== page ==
In your next letter

For this week at Shoesmith, students explored the significance of letter writing. Unlike tweets, Facebook posts, or text messages, letters allow us to put time and effort into communicating our most inner thoughts and emotions. By sharing our personal stories, we can create a distinct poetic style and voice, as well as build a close relationship with our audience.

Together students read the poem “In your next letter,” by Carrie Shipers. The speaker of the poem is addressing a letter to her mother, asking for special mementos from the small farm, that was her childhood home. Students discussed Shipers’ use of concrete details; the incorporation of the five senses to describe the speaker’s memories of the country. From the itchy tomato leaves to the fragrance of wheat and diesel. These vivid descriptions allowed students to experience the speaker’s melancholy and loneliness from moving to the city; the need to reconnect with nature and family. Inspired by Shipers’ strong imagery, students wrote letter poems addressed to the people, places, and objects in their lives. Enjoy this week’s poems.



                                                              Ms. Wesson’s 5th Grade
                                                                             Group 1


In your next letter, YouTube
Matthew B.

Can you not constantly take down
some of the best videos on the site.
You constantly spoil things.

But I’m still addicted.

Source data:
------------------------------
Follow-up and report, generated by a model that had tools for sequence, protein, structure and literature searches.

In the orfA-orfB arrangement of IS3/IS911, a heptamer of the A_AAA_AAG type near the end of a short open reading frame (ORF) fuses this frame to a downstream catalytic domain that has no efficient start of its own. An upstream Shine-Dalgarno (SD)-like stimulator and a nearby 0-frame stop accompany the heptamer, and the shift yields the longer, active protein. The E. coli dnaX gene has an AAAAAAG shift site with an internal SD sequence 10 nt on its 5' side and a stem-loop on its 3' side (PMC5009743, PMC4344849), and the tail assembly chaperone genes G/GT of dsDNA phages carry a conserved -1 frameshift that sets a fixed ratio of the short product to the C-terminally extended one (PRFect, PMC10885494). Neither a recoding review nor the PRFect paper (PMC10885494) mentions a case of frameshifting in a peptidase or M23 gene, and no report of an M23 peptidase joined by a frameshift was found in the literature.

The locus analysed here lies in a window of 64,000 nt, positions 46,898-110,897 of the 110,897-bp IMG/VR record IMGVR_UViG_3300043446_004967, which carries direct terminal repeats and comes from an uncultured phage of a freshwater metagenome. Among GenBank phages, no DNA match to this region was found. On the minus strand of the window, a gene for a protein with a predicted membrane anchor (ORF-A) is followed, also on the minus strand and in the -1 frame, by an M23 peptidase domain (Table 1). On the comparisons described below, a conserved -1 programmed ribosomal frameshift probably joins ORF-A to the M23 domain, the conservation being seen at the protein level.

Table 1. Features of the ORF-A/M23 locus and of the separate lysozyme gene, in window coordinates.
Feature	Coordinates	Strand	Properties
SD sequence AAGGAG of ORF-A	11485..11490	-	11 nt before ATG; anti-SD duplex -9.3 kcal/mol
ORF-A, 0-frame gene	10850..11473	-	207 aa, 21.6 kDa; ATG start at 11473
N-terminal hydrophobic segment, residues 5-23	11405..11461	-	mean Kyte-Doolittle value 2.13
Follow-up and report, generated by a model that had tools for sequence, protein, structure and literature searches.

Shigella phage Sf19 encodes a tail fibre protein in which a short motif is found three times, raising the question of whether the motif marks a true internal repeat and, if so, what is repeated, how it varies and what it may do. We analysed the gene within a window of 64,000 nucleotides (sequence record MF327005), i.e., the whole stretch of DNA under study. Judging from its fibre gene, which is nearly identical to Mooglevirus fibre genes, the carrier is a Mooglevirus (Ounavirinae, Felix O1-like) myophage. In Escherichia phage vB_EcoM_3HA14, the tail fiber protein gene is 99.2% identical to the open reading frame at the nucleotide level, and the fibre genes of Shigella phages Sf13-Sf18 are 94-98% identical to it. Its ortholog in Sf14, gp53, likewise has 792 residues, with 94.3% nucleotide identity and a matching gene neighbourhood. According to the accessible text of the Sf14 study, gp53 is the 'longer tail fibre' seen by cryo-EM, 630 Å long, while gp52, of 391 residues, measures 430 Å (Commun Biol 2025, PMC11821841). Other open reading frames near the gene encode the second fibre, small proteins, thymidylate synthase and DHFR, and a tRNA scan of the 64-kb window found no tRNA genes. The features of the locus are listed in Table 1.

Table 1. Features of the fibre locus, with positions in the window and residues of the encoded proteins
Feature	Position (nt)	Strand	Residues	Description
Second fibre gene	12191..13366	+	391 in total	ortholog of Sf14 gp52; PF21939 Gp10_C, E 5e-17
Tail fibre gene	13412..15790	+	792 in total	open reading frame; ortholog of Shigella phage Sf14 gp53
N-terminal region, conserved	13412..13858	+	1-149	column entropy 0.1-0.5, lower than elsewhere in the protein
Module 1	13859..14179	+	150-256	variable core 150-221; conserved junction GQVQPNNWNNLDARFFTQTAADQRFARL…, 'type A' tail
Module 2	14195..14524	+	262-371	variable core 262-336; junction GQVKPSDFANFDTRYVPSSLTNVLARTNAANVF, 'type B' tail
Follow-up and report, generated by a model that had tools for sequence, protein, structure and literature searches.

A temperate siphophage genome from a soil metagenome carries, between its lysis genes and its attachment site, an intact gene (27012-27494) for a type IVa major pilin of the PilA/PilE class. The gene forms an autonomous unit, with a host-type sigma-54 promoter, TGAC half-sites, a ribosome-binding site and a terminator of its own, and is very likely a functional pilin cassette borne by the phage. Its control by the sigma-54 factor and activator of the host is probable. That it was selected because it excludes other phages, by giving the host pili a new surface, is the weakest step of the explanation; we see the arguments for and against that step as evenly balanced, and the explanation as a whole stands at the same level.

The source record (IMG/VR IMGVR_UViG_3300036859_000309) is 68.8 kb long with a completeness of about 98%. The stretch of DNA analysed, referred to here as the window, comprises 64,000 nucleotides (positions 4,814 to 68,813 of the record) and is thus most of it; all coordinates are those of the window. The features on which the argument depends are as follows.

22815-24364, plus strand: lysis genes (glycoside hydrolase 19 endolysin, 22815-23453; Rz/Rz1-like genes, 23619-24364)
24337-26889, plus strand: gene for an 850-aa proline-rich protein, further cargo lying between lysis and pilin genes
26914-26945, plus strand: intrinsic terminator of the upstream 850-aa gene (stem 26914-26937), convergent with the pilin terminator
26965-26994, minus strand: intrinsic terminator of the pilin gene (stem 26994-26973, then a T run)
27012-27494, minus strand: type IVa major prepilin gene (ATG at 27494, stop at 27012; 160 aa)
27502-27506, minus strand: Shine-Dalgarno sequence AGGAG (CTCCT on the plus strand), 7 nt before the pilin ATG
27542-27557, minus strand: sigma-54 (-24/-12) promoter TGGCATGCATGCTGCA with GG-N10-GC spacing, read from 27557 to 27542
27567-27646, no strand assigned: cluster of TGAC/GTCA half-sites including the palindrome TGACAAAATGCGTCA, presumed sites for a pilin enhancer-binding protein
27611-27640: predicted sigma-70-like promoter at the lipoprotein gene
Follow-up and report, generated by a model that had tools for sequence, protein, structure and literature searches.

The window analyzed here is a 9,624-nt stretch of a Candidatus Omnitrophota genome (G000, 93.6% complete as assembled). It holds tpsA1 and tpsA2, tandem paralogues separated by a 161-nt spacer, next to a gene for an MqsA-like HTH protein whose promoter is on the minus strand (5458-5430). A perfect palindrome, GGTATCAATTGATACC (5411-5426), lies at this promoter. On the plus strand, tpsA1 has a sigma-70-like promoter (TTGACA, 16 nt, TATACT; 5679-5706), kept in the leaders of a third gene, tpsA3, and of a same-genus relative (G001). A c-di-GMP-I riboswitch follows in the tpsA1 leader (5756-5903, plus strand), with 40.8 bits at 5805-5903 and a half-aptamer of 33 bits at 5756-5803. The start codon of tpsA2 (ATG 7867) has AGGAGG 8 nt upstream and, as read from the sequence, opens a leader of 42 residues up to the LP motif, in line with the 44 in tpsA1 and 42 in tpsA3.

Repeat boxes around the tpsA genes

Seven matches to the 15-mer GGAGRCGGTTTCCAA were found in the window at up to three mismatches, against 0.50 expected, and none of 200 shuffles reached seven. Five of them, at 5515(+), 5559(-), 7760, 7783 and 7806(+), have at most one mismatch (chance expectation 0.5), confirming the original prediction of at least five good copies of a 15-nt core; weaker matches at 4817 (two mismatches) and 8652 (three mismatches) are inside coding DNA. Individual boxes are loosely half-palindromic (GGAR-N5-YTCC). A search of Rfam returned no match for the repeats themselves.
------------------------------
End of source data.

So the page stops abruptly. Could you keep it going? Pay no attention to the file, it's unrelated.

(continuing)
I always frantically scroll down
for a new video. I love to find
new people to subscribe to.

My mind is like a clock that’s set
on watching your site. You are part
of my routine, until you shattered
our relationship by spoiling my
favorite show.

I have disdain towards you now.


In your next letter, Pizza
Noemi N.

Continue to melt in my mouth.
You taste like heaven. When I’m
in the car, I wait with my mom
at Domino’s until they call
the number 3ll.

They give us a greasy box,
that smells like garlic.
The bubbling hot cheese
looks so good. I want to
scarf you down!

Right now, my hand is
reaching for it, so tempting.
I can’t wait to see you again.
Heh! Heh!


In your next letter, Chair
Yoshua G.

Come back, I miss sitting on you.
You are vintage brown, the color
of trees. For 24 hours I have been
hugging my teddy, thinking of you.
Please come back to me!

I now understand why you broke.
I guess two people can’t fit on a chair.
But anyway, if your reading this please
forgive me. We need to buy more legs
for you.